Questions of fuel supply and bunkering capacity in African ports to cope with the influx of ships likely to be rerouted complete the long list of uncertainties that accompany the rerouting of ships through the Cape of Good Hope.
"Demand for bunker fuels will increase as a result of longer voyages and potentially higher sailing speeds," said Arne Lohmann Rasmussen, chief analyst at Global Risk Management, on LinkedIn. The consultancy, which provides hedging for the energy markets, is a subsidiary of Bunker Holding, one of the world's leading suppliers of shipping fuels, along with Monjasa and World Fuel.
"We're already hearing reports of increased demand in African ports, while bunkering companies in ARA [Amsterdam, Rotterdam and Antwerp] and Asia are less affected. This is not surprising, as the ships (...) have not yet reached Europe after the long journey through southern Africa", he points out.
According to Global Risk Management's projections, the growing fleet of ships called upon to take the historic route due to the increased risk of attacks at the entrance to the Red Sea will result in longer voyages of the order of 58% between India and Northern Europe, for example (+14 days), and 129% from the Persian Gulf to the Mediterranean (+22 days).
Consumption up by 250 to 420 t
A ship's fuel consumption is not an exact science, as many parameters come into play, starting with engine age and speed. But according to the analysis firm, a 115,000 dwt tanker could consume 250 to 420 t more with the extra nautical miles it has to cover. Given that merchant ships burn 200 Mt of fuel per year. "This could lead to a radical shift in demand," agrees the Bunker analyst.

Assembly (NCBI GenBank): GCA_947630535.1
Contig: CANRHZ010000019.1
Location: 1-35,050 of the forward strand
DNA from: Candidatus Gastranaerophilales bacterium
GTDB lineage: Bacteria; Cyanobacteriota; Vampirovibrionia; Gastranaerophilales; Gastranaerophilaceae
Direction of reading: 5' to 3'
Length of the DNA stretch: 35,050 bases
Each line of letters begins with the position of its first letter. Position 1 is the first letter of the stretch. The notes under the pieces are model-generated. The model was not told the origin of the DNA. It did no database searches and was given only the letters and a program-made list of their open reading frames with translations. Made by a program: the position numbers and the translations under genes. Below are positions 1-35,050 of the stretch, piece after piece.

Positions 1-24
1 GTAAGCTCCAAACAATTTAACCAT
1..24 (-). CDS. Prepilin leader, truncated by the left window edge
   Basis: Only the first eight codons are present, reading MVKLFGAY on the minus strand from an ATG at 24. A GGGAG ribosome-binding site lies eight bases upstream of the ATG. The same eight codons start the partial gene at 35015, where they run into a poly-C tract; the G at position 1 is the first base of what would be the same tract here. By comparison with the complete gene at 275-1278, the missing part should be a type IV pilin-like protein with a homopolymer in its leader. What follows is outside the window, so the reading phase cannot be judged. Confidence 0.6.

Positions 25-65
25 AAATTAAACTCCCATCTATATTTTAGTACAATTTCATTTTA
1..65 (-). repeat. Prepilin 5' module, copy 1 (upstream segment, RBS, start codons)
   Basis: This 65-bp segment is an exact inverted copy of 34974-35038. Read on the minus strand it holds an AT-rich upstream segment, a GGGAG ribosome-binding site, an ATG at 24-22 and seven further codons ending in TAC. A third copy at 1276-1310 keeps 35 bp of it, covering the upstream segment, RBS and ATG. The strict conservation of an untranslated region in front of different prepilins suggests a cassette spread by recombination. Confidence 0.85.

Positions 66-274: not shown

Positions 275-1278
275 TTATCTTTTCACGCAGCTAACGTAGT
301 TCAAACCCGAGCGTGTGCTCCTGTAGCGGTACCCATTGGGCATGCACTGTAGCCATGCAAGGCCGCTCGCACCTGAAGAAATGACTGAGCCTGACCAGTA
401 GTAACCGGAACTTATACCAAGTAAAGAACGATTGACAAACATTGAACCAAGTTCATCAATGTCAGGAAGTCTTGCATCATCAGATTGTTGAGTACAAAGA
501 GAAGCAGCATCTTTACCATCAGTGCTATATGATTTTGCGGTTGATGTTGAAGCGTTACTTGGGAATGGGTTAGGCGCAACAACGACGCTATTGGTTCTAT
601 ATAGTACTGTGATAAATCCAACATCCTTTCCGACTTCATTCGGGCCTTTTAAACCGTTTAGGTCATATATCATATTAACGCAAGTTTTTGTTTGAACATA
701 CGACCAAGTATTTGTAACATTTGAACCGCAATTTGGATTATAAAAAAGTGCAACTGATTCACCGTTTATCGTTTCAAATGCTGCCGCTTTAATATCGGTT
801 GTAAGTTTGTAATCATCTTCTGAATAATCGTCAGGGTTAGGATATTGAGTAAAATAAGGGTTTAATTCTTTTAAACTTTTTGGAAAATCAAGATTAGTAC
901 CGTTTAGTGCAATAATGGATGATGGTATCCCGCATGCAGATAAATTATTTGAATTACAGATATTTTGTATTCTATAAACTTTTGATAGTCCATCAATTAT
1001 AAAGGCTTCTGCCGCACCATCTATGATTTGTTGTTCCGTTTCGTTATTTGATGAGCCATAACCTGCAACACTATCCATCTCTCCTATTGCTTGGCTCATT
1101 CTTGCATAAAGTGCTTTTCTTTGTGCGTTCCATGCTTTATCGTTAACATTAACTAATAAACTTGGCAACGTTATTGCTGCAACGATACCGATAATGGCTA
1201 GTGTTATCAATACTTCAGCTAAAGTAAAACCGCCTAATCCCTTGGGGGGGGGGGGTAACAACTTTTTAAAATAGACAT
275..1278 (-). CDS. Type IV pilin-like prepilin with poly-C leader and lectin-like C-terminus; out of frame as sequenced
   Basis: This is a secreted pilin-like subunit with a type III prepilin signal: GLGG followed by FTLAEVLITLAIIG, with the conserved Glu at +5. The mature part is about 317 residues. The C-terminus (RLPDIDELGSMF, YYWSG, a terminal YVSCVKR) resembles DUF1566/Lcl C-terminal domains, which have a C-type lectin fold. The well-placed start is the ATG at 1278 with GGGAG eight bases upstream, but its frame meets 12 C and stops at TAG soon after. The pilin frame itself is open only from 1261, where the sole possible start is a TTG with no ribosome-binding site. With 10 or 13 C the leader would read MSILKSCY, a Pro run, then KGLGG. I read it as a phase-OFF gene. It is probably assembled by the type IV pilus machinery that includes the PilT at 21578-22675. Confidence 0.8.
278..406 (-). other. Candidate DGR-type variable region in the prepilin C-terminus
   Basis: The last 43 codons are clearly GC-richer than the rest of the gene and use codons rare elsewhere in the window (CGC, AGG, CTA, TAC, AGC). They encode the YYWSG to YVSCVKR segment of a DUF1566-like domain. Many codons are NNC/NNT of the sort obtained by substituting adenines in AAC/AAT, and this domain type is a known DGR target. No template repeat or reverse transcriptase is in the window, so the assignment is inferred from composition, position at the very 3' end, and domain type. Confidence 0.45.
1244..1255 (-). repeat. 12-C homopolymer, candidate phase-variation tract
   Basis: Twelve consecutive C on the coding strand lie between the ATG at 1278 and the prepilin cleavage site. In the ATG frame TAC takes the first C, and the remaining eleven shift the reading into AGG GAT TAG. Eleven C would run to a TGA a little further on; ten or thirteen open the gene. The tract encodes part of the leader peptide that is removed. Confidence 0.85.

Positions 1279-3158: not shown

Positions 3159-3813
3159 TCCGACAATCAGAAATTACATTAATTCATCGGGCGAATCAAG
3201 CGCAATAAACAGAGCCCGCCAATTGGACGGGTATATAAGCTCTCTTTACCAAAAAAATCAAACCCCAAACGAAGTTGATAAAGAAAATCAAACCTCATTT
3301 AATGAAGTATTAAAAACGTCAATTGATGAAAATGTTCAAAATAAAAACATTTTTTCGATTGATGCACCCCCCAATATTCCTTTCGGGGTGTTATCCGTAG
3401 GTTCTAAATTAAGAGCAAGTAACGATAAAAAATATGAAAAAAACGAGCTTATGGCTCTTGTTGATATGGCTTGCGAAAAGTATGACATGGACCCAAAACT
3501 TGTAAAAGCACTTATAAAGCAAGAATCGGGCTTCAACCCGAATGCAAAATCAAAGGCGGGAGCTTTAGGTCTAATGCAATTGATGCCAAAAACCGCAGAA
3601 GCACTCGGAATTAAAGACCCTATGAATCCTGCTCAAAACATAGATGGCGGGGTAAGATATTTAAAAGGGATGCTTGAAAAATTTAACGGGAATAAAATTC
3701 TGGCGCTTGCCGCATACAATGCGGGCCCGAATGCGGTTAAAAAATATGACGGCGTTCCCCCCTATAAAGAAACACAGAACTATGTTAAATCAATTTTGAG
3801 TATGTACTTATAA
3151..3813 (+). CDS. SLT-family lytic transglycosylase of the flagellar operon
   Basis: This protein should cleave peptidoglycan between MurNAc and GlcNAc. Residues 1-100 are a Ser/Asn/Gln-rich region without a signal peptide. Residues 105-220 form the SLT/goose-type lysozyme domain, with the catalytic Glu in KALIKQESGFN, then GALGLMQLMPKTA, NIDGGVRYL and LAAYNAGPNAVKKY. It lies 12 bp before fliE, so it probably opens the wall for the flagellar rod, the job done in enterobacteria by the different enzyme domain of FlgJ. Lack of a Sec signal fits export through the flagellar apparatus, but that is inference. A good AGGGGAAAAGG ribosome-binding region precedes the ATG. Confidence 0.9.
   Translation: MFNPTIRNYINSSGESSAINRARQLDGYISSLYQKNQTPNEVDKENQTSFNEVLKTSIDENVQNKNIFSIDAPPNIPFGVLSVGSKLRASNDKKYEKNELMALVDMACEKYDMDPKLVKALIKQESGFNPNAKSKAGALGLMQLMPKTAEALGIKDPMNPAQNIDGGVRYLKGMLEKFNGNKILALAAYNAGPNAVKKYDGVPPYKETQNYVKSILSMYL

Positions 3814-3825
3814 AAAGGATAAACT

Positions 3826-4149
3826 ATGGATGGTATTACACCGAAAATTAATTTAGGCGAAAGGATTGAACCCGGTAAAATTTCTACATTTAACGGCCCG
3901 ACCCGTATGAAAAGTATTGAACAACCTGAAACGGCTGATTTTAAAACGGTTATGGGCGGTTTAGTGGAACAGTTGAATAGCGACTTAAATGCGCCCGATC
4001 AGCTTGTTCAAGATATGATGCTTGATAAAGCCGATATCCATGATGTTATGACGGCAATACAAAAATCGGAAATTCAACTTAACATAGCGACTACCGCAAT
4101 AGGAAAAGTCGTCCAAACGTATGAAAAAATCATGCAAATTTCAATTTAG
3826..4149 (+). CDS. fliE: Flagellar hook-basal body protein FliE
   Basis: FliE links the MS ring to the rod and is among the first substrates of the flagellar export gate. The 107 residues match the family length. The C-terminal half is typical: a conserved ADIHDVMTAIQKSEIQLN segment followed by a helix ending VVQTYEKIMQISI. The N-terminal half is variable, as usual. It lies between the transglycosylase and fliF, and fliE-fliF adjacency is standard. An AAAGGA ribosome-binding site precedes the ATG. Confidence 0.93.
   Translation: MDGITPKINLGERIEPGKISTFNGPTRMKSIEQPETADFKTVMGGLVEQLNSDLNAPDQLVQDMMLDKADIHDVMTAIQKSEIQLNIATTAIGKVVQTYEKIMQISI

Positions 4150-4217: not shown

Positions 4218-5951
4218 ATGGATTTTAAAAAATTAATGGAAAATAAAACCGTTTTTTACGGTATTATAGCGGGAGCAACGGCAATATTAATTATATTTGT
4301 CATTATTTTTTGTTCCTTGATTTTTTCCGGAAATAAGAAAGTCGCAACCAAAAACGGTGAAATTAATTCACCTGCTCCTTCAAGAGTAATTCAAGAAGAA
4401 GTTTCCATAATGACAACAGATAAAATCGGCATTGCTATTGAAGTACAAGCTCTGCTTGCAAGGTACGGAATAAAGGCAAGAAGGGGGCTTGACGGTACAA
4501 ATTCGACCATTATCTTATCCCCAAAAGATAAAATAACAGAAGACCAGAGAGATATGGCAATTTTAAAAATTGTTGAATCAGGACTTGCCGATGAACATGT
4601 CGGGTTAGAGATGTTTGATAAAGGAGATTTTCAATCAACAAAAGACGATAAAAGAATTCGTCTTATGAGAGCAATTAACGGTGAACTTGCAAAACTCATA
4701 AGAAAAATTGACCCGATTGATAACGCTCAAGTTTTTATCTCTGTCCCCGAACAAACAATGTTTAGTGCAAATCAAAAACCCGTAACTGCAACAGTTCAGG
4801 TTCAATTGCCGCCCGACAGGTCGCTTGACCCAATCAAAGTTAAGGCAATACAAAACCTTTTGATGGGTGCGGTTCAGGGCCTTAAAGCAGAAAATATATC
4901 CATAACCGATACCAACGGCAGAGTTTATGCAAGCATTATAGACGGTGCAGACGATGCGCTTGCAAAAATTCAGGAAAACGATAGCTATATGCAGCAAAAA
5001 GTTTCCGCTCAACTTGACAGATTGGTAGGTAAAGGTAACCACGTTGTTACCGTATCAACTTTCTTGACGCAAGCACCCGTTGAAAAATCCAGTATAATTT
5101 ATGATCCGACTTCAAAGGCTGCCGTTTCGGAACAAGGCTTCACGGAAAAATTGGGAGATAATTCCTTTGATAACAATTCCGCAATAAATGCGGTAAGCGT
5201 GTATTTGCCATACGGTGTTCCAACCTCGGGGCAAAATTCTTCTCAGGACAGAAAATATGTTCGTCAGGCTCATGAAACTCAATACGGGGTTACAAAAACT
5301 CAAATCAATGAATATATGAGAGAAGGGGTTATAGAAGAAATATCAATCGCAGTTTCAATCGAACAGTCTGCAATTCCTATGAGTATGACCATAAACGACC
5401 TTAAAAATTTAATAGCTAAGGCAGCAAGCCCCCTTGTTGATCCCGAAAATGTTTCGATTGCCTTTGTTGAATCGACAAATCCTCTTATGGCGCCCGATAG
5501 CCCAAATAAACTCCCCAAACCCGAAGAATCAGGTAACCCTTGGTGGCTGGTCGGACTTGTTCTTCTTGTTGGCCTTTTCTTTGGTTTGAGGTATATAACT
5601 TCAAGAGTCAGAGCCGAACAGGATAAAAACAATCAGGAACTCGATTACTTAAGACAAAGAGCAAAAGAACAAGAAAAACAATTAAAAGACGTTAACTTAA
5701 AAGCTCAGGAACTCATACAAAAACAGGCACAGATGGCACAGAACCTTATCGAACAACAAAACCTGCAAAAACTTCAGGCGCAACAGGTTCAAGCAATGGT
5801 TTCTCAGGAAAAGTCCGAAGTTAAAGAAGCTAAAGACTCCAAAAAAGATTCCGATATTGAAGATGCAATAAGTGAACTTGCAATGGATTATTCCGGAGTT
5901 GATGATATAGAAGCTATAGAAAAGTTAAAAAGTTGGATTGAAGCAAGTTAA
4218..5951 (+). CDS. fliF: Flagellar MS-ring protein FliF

In principle, regulatory standards on CO2 emissions, which will come into force in a few days' time, should encourage carriers to "ease up on the gas". In reality, for certain categories of vessels such as container ships, the approach of the Lunar New Year and the ensuing peak season could, conversely, put pressure on them.
Fuel oil surges
Under these conditions, it's the price of bunker fuel that needs to be taken into account, especially as Fujairah in the United Arab Emirates, along with Singapore, is one of the world's leading bunkering hubs.
The closure of the Suez routes could create a panic and thus overheat bunker prices. Between December 15 and 21, the price of VLSFO (low-sulfur fuel oil, the most commonly purchased fuel) rose from $583 per ton to $614 in Singapore, while oil prices rose at the same time, from $75 to $79.
In the three months from September to November, marine fuel fluctuated between $700 and $730 per tonne, then fell sharply to $662 before the events in the Red Sea.
Whether for bunkering or berthing (and even more so if companies plan to use them for transshipment), the African ports along the Cape route are not equipped to handle an armada of ships in the next few weeks. The pandemic will have shown that the global port chain is not ready for shocks and jolts.
Even deep-water ports such as Mombasa in Kenya and Dar es Salaam in Tanzania are not equipped to handle the expected traffic.
Maersk responded to this question by indicating that "wherever possible", bunkering would be carried out at their point of origin or destination. However, "should bunkering be necessary en route", this would be decided on a case-by-case basis, with Walvis Bay (Namibia) or Port Louis (Mauritius) being the "best options", a spokesman told Reuters.
Given the difficult weather conditions around the Cape of Good Hope - nicknamed the "Cape of Storms" - and in the Mozambique Channel, where cyclones are the order of the day, ships are expected to "drink" a little more than usual.